Photo: Getty Images/Red Bull Content Pool

Verstappen ‘Nothing I Could Do’ in First Lap Crash with Ferraris

By Joey Barnes, Editor-in-Chief

Max Verstappen insists that his opening lap collision in the Singapore Grand Prix that resulted in the retirements of he, and the Ferrari duo of polesitter Sebastian Vettel and Kimi Raikkonen, was something not of his own making.

The 19-year-old Dutchman started second on a slippery grid and at lights out was put in a precarious position as Raikkonen, who started from third, got a great launch and put wheels alongside entering Turn 1. At that moment, Vettel was setting up for his entry into the opening corner, which appeared to pinch Verstappen into Vettel’s teammate as the three made heavy contact.

Both Verstappen and Raikkonen walked back to pit lane, with Vettel retiring moments later on Lap 1 due to the contact.

Fernando Alonso was also a victim in the mess, having gotten a great start up from eighth to pull up to fourth, but was hit in the left side from the incident and even got slightly airborne. He attempted to battle through, but the damage was too severe and the Spaniard would retire on Lap 8.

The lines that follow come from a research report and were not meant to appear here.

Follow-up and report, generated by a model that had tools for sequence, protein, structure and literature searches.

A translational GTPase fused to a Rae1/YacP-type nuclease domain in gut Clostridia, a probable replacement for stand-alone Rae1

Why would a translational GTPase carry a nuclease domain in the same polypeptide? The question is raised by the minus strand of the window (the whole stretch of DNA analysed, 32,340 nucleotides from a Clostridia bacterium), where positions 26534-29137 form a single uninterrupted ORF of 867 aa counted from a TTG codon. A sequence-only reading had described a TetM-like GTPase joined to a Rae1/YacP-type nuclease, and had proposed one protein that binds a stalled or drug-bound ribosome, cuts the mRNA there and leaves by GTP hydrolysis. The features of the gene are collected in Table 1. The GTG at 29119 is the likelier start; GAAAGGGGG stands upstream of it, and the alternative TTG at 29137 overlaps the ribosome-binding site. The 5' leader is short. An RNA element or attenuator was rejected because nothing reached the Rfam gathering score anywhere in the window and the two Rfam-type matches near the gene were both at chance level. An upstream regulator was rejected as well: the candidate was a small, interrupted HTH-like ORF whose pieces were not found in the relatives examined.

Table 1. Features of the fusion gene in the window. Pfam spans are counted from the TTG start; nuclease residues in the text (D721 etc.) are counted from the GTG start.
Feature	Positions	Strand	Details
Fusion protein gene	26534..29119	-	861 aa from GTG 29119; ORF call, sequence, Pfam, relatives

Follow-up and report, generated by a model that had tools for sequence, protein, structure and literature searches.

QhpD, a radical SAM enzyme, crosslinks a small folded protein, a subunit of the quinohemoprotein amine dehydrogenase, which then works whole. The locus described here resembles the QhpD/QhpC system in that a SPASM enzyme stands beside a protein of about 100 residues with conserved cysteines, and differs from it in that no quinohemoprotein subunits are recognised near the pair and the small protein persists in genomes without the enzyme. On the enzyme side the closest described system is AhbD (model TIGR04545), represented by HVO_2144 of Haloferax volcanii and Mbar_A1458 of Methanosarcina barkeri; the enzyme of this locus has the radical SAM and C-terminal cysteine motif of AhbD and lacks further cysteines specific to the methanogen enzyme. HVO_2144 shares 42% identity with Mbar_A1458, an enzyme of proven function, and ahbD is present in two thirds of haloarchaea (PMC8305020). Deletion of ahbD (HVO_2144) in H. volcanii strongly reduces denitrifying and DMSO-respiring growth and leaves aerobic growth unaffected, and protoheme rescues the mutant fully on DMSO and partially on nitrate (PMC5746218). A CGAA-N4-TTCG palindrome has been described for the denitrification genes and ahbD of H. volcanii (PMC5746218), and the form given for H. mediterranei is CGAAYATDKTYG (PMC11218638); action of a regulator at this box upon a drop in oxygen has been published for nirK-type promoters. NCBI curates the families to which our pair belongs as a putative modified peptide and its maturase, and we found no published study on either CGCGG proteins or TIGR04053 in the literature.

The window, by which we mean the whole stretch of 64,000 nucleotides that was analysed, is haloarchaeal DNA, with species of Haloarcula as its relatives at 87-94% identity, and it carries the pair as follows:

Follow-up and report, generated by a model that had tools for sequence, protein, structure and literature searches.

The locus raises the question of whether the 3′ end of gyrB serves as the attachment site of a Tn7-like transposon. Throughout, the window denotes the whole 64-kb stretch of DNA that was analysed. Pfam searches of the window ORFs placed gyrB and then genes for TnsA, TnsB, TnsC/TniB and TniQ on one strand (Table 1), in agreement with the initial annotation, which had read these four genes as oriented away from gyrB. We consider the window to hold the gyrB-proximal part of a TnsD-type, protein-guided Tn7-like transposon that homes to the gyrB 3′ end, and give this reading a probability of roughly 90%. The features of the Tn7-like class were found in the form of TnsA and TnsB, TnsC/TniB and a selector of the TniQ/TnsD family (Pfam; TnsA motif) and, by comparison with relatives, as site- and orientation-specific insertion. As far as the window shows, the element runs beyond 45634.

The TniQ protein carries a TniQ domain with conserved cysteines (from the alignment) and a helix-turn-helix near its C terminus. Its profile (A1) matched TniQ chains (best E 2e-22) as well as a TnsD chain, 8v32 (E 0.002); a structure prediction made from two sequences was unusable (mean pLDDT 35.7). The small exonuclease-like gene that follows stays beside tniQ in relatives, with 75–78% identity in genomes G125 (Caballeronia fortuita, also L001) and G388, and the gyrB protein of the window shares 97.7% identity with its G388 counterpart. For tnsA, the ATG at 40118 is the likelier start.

For his part, Verstappen, who suffered his seventh retirement in 14 races and sits sixth in the championship with 68 points (96 behind teammate Daniel Ricciardo in fourth), wasn’t ready to take sole blame for the crash.

“My start was a little bit better than Seb and I think he saw that so he tried to move to the left to squeeze me out of the line a bit but he did not know Kimi was on my other side,” said Verstappen, driver of the No. 33 for Red Bull Racing.

“I think it wasn’t the smartest move and you can’t make excuses for it when you are fighting for a world championship. Kimi had a great start and was alongside me very quickly, I didn’t try and defend that as I knew it would be a long race, he then started to squeeze me also, at which point there wasn’t a lot I could do. The rear wheels are wider than the front so I was locked in the sandwich with no way out, even when I braked. If I made a mistake myself I would be upset or angry but there was nothing I could do today.

“We all lost out in the end so we all experienced some pain rather than someone making a mistake and then being able to carry on.

“We have to take the positives from the weekend, we were quick in qualifying and the practice sessions with good potential going into the race, we can hold onto this and move on to the next race.”

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Joey Barnes is the Founder and Editor-in-Chief of Motorsports Tribune. He has covered auto racing since 2013 that has spanned from Formula 1 to NASCAR, with coverage on IndyCar. Additionally, his work has appeared on Racer, IndyCar.com and Autoweek magazine. In 2017, he was recognized with an award in Spot News Writing by the National Motorsports Press Association.